As if things weren’t already bad enough, I recently discovered that not only do I have to worry about the things I don’t yet know (of which there are an abundance); now I have to start worrying about the things I used to know but don’t.
This vexing discovery came out of a discussion in the newsroom. It occurred to me that, although there was a time I knew all of Minnesota’s counties, and could both list them and plot them out on a map, there was some doubt about whether I could still do so.
It should be noted that the time when I could do this was many moons ago when I was in college studying the geography of Minnesota.
Still, the names of the counties haven’t changed since then, as far as I know.
This uncertainty weighed on my mind, as these things tend to do, so I decided to conduct an exercise to determine how bad things have become.
I got out a notebook and a pencil, and numbered the page from one to 87. Then I set out to write down the names of the counties.
In my defense, I should say that I didn’t start this exercise until well after midnight, a time of day when my acuity is far from its peak. I am sure I could have improved my score had I started in the morning after a beaker or two of Java.
Things were worse than I feared.
I started by visualizing the state, and writing down the names of the counties beginning in the northeast and working west and south.
The first part was easy. I grew up on the north shore, and any time I have an opportunity, I return to that area, like a wayward swallow returning to his beloved Capistrano.
I continued with my list, and when I got to the area around the metro counties, the process continued to go smoothly. The farther south and west I went, however, the more difficult the task became.
I had to resort to working my way through Minnesota history, because I knew that some counties were named after early leaders in the state.
Despite my best efforts, I could only come up with 46 just more than half of the counties.
In the morning, I pulled up a map of the counties and checked my results.
Not surprisingly, I had nailed the entire Arrowhead region, and almost the whole northern part of the state, with the exception of Roseau County on the Canadian border. I put this down to confusion over the fact that Roseau is both a city and a county. I got tripped up on several of those, including Marshall, Wadena, Winona, Faribault, and Waseca.
I missed Red Lake because I thought it was a reservation, not a county (both are true).
I failed to write down Douglas County, because I thought I was just confusing it with the county in northern Wisconsin (both states have a Douglas County).
There were counties for which there is no excuse for omitting, such as Lac Qui Parle County. I have always thought that was a stylish name for a county, and I like the fact that the name (a French translation of the Dakota name) means “lake that speaks,” but that didn’t help me to remember it in this case.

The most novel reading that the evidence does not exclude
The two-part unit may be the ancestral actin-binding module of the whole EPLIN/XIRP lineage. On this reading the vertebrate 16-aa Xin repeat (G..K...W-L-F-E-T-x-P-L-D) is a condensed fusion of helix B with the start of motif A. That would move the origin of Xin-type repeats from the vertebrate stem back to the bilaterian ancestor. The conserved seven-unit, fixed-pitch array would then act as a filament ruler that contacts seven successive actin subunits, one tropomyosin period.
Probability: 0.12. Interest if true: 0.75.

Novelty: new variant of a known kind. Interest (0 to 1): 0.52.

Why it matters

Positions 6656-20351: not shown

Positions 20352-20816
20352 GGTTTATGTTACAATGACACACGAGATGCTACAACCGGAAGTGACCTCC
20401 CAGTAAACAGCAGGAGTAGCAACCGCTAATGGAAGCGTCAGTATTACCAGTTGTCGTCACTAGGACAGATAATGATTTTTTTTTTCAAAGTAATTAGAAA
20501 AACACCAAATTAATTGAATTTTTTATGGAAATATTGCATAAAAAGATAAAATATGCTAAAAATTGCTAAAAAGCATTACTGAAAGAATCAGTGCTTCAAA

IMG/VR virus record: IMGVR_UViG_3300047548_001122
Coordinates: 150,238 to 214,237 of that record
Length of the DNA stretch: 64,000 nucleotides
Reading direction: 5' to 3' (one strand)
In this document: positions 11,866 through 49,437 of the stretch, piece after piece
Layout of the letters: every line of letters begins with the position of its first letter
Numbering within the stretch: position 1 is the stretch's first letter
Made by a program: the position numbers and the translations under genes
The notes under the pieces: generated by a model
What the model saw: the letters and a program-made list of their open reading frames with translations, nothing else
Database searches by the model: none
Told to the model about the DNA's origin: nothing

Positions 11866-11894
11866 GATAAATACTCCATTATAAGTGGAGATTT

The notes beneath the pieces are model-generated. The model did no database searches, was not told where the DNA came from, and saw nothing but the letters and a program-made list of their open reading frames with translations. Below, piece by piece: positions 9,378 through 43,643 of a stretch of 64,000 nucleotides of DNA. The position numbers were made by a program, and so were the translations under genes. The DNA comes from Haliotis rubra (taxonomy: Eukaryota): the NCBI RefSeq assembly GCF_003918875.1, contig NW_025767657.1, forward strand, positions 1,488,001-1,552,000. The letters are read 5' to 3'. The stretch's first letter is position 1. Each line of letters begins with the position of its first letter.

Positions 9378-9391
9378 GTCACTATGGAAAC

My score really suffered along the southern two tiers of counties. I found that most of those had not stayed in my memory at all.
Perhaps more concerning were the few counties that, even after I saw them on the map, I did not recognize the names. No offense to the good people of Wilkin County, for example, but apparently nothing about that county made any impression on me whatsoever.
The settlers in that county were apparently a fickle bunch. The county was organized in 1858 as Toombs County. In 1862, the residents petitioned the legislature to change the name to Andy Johnson County. Six years later, in 1868, the residents again petitioned the legislature to change the name to Wilkin County.
In the end, two things emerged from this exercise.
First, I am going to have to do some studying. Perhaps I will even embark on a mission to visit each of the counties in our fair state. I am sure this would help me to remember them better, since I would have a tangible connection, rather than just a name on a page.
Second, the exercise made me wonder what else I used to know that I don’t know anymore.
There are certainly a lot of formulas and rules I learned in algebra, trigonometry, and physics classes that have long since faded out of memory, but I can probably get by without those.
I am almost afraid to consider the amount of important information that may have disappeared from the memory bank.
I can cope with the things that I never knew, because I am reasonably handy at research.
But the prospect of reaching for some tidbit of knowledge from the archives of my brain and finding the shelf bare is terrifying.
Perhaps one can justify these memory lapses on the grounds that there is a limited amount of storage space available, and acquiring large volumes of new data pushes the old knowledge out. That is the story I am going to use.
However, I would be much happier if I could control which information is deleted.